Systems-level characterization and transporter engineering in saccharomyces cerevisiae for improved hydrocarbon tolerance
Date of Issue2014
School of Chemical and Biomedical Engineering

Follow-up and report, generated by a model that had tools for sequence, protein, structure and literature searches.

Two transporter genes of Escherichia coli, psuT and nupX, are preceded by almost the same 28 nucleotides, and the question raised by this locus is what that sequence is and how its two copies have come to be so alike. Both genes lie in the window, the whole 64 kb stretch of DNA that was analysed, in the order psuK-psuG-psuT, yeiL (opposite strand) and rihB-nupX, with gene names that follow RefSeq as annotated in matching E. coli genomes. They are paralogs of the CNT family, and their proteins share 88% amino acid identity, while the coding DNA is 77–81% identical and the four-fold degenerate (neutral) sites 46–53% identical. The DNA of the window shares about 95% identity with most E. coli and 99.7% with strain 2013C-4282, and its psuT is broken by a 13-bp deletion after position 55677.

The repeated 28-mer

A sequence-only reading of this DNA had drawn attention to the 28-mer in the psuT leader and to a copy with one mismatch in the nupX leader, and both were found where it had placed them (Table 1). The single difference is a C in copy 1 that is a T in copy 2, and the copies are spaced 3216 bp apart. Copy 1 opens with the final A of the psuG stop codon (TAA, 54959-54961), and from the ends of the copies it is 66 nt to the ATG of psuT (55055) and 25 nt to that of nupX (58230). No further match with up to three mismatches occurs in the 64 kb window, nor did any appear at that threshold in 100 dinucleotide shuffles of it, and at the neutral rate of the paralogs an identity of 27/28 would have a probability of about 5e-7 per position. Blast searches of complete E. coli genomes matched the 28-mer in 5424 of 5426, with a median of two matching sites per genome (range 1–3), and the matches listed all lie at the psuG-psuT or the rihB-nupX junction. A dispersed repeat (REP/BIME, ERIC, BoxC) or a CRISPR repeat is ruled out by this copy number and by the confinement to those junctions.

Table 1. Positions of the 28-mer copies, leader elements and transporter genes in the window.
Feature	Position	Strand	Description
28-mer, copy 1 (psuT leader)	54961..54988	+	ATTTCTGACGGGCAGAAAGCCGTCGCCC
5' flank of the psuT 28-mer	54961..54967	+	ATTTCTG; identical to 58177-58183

Hydrocarbon alkanes, components of major fossil fuels, are considered as next-generation biofuels because their biological production has recently been shown to be possible. However, high-yield alkane production requires robust host cells that are tolerant against alkanes, which exhibit cytotoxicity. To tackle this toxicity issue, it is essential to understand molecular mechanisms of interactions between alkanes and microbial hosts. Based on these mechanisms, we can further develop microbial host strains with improved tolerance against alkanes. Therefore, in this study, we aimed to improve the tolerance of Saccharomyces cerevisiae, a model eukaryotic host of industrial significance, to alkane biofuels by investigating and exploiting cellular mechanisms underlying alkane toxicity. To this end, we first investigated the mechanisms of cellular response to alkane biofuels at a system level through transcriptome analyses. Transciptome analyses suggested that C9 and C10 induced a range of cellular mechanisms such as membrane transporters, membrane modification, radical detoxification and energy supply. Among these hypothesized mechanisms, we were interested in identifying plasma membrane transporters which possibly aid in alkane secretion, leading to improved tolerance. In support of this hypothesis, we then expressed the hypothesized native transporters and demonstrated that the expression of transporters - SNQ2 or PDR5 significantly improved cell tolerance against decane (C10) and undecane (C11) through maintaining lower intracellular alkane level. Other than native transporters, we further explored novel alkane transporters from oleaginous yeast Yarrowia lipolytica based on the observation that it utilizes alkanes as a carbon source. Similarly, the expression of identified heterologous transporters – ABC2 or ABC3 resulted in improved cell tolerance against decane (C10) and undecane (C11). Here, we demonstrated that transporter engineering - identification and expression of native and heterologous transporters led to significantly improved tolerance against alkane biofuels in S. cerevisiae. We believe that the results here provide valuable insights into designing microbial engineering strategies to improve cellular tolerance for highly efficient alkane biofuel production.